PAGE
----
Smoking Bans Effectively cut Rates of Asthma and Preterm Births
Smoking is detrimental to not only one's own health, but also to the health of others. In the United States, smoking is the leading cause of preventable deaths. Due to these health risks, governments and agencies throughout the world have implemented smoking bans. These bans, according to a new study, can be very effective. Researchers reported that smoking bans in public areas and workplaces have helped reduce the rates of premature births and severe asthma attacks in children.
In this study, the international team of researchers from the University of Edinburgh, Maastricht University, Hasselt University in Belgium, Harvard Medical School and Brigham and Women's Hospital reviewed 11 studies that were conducted in North America and Europe. They had data on more than 2.5 million births as well as 250,000 hospital stays that involved asthma attacks in children. The children were all under 12-years-old.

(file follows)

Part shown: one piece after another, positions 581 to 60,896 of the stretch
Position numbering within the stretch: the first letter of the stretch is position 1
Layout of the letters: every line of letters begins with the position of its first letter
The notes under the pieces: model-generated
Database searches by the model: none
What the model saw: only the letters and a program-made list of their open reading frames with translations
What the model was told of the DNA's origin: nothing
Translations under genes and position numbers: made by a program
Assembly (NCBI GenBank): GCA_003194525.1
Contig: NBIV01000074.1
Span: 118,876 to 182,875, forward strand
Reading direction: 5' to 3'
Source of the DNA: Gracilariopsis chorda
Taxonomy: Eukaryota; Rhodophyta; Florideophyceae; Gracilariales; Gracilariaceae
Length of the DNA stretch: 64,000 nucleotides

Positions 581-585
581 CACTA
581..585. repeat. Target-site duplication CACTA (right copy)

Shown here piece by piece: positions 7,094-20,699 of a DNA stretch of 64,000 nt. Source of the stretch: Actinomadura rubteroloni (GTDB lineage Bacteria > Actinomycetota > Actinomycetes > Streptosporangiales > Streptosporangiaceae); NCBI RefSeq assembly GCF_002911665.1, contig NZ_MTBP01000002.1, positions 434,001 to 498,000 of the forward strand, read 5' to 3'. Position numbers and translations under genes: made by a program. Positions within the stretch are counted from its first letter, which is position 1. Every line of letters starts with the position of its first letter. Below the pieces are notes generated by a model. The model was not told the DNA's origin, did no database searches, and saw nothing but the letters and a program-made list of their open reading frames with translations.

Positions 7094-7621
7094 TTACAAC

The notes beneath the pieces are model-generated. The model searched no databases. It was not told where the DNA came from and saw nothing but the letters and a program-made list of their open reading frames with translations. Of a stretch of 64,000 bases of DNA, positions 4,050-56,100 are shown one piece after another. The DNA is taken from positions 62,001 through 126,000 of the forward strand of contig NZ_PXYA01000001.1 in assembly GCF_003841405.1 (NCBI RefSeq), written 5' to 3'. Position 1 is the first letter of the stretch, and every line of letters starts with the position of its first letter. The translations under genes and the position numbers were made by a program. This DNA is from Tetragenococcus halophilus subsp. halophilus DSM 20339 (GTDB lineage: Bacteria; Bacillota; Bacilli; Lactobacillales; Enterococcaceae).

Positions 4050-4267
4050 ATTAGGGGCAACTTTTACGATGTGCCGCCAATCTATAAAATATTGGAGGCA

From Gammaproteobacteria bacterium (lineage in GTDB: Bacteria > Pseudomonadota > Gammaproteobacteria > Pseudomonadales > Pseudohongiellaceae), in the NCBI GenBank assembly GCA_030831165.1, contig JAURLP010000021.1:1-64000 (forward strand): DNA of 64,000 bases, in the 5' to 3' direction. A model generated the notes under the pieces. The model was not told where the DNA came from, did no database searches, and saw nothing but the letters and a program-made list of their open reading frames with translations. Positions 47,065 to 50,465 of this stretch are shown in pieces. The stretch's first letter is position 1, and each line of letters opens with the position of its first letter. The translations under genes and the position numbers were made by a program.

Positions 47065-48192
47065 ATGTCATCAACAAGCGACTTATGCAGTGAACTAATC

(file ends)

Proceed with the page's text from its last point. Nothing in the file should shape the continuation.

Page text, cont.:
The team calculated that smoking bans were tied to a 10 percent reduction in the number of premature children born and the number of severe asthma attacks in children. The researchers also found a five percent decline in the number of children who were born small despite reaching full term.
"Our study provides clear evidence that smoking bans have considerable public health benefits for perinatal and child health, and provides strong support for WHO recommendations to create smoke-free public environments on a national level," the lead author, Dr. Jasper Been from Maastricht University Medical Center in The Netherlands, said according to BBC News.
Currently, smoke-free laws protect 16 percent of the global population. However, previous studies have reported that roughly 40 percent of children throughout the world are frequently exposed to second-hand smoke. In order to reduce these risks, the study's findings suggest that more anti-smoking legislations need to be enforced.
"The many countries that are yet to enforce smoke-free legislation should in the light of these findings reconsider their positions on this important health policy question," said co-author of the study, Professor Aziz Sheikh, of Brigham and Women's Hospital in Boston and the University of Edinburgh in Scotland reported by Philly.
The study was published in The Lancet.